Stephen Elliott, founder and editor-in-chief of a literary website called The Rumpus, has found a modern-day audience for old-school letters. The program, a mixture of old-world letter writing and the modern web, is called Letters In The Mail and it aims to further disrupt the way we think about publishing.
Elliott is a writer, filmmaker (his movie About Cherry comes out later this year), and occasional teacher. He started The Rumpus in 2009, and it has evolved into a mix of reviews, interviews, the popular “Dear Sugar” advice column, with lots of other content. (I took a class from Elliott when I was in college, and also conducted a couple of interviews for the site in its early days.)
“We were around for a long time before we started making any money,” he says. Now, however, the team has cobbled together enough of a business model to pay Elliott and two full-time staffers (managing editor Isaac Fitzgerald and Lisa Dusenbery), as well as rent on a small office in San Francisco’s Mission District. That model includes a book club (where members pay $25 a month to receive a monthly book ahead of publication), events, advertising (“not so much as to be obnoxious”), sales of merchandise such as the “Write Like A Motherfucker” coffee mug — and yes, physical letters.
Elliott says his interest in letter-writing goes back 26 years, when his he sent weekly letters to his then-fiancée, who was traveling through Europe. For The Rumpus, Elliott has been sending out an (almost) daily email, which now has more than 12,000 subscribers. The email is a lot more personal than most website newsletters, with lots of anecdotes and musings, but Elliott says “it still wasn’t the same.”
“And so I had the idea that I would send The Daily Rumpus out sometimes as a physical letter,” he says. “Then I realized, there’s probably a lot of other writers that miss writing letters, so I got everybody involved and now when you sign up you get a letter from a different author three times a month.”
Letters In The Mail kicked off earlier this year, and it now has about 2,300 subscribers. The Rumpus is also in the process of launching a Letters For Kids program, which is being run by young adult author Cecil Castellucci. Asked about his favorites so far, Elliott says “they’re all really good,” but points to Matthew Spektor’s letter about a phone call he received from Marlon Brando, and to Lorelei Lee’s letter about an imagined conversation with her grandmother about Lee’s career in pornography, as two that stand out.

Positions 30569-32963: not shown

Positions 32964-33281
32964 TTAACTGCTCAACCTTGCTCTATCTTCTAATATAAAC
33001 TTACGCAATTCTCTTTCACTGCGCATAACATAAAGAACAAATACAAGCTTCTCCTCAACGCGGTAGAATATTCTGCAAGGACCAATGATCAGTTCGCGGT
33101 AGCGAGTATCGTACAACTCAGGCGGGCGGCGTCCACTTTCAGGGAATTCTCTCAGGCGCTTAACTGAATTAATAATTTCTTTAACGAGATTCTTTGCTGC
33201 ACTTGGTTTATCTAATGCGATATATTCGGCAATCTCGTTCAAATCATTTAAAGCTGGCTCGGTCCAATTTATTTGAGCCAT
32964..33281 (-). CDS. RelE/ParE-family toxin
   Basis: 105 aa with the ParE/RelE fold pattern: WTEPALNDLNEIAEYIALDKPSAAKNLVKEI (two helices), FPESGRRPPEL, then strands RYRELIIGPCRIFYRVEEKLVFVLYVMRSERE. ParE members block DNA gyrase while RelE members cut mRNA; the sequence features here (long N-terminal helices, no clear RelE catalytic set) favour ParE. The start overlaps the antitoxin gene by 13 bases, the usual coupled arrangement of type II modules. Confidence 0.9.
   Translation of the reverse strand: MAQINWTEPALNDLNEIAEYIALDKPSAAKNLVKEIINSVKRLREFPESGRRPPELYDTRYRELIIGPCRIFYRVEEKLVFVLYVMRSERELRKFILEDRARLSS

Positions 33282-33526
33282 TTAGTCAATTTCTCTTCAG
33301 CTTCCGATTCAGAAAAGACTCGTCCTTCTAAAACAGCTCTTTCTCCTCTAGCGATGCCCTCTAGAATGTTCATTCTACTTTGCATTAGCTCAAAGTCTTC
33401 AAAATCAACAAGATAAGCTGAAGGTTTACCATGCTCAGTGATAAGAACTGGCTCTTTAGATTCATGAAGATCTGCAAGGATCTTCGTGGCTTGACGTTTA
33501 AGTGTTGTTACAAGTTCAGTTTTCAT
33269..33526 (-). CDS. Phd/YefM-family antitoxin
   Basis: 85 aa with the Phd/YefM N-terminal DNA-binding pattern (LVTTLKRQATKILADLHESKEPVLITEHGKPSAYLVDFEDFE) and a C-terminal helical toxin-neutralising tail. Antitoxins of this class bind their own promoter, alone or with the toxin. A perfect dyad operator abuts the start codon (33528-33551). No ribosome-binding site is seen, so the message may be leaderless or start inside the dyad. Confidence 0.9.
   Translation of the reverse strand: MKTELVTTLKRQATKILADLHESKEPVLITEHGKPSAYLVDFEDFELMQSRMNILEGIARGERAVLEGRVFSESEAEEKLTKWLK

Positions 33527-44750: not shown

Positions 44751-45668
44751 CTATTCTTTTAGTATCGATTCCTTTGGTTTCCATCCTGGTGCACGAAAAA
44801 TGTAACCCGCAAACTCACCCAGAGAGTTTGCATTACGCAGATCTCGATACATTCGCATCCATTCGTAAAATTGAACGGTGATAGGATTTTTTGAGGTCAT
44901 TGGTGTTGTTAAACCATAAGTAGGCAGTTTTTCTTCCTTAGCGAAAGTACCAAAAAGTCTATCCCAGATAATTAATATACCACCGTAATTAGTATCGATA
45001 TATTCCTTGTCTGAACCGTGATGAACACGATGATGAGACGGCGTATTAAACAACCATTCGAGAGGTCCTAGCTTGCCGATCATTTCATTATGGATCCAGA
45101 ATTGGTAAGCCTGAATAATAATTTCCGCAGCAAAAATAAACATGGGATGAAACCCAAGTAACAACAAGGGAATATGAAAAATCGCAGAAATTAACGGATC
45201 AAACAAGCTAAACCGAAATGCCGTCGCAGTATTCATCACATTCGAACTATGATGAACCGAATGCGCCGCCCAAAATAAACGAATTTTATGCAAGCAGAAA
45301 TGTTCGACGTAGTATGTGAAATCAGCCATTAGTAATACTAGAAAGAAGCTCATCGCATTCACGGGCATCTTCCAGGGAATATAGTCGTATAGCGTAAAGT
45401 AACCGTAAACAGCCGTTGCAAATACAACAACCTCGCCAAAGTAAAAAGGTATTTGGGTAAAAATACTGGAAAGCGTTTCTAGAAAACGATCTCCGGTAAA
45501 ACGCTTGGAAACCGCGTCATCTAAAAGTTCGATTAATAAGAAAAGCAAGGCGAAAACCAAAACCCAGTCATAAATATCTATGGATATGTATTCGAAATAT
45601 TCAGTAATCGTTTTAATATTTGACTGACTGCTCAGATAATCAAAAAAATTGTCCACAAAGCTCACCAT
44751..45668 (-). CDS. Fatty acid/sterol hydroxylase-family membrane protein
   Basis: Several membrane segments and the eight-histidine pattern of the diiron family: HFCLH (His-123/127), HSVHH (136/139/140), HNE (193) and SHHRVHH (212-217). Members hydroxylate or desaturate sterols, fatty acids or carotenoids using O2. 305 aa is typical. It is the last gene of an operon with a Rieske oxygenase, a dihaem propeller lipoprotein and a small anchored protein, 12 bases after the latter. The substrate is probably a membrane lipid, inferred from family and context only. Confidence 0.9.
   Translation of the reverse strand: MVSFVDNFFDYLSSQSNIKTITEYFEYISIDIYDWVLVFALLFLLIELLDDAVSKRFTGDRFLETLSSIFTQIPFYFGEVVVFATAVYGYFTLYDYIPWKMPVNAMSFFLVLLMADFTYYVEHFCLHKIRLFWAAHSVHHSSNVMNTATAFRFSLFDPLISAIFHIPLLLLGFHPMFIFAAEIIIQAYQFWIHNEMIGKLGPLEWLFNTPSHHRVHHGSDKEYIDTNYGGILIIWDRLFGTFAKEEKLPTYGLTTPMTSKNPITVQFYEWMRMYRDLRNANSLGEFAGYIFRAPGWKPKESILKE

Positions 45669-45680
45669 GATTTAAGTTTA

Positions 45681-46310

But why do the letters have to be physical? As someone who makes his living writing for a website, I’m probably more invested in the question than most people — but whether it’s on a screen or on paper, isn’t it still writing? Elliott says that when he writes a physical letter, he’s “aware of a deeper commitment and intimacy.”
“When someone reads a letter it’s generally the only thing they’re doing,” Elliott says. “They give it [their] full attention. When someone reads an email they’re often reading it on their phone while boarding a bus.”
Participating in Letters In The Mail costs $5 a month ($10 if you’re outside the US). Elliott says profits for The Rumpus are modest, because most of the money goes towards printing and to paying the letter-writers. Like every other Rumpus initiative, Elliott says the program started because he thought it would be interesting, not because he saw it as a moneymaker — but at the same time, it has to be profitable, because the site doesn’t have money to lose.
Beyond the normal ups-and-downs of starting a new site, and launching programs like Letters In The Mail, it seems like a pretty turbulent time to be writing about the literary world, as publishing and bookselling struggle to reinvent themselves. Elliott admits that there’s plenty of uncertainty, but he seems pretty sanguine about it:
” The publishing industry will undergo massive shifts, but that’s the nature of things. There will always be literature, and literary pursuits. How it’s consumed will change. And The Rumpus will change as everyone working on The Rumpus changes. We’re not tied in any way to the trials and tribulations of Random House. We’re our own thing, and sometimes we don’t even know what that is.”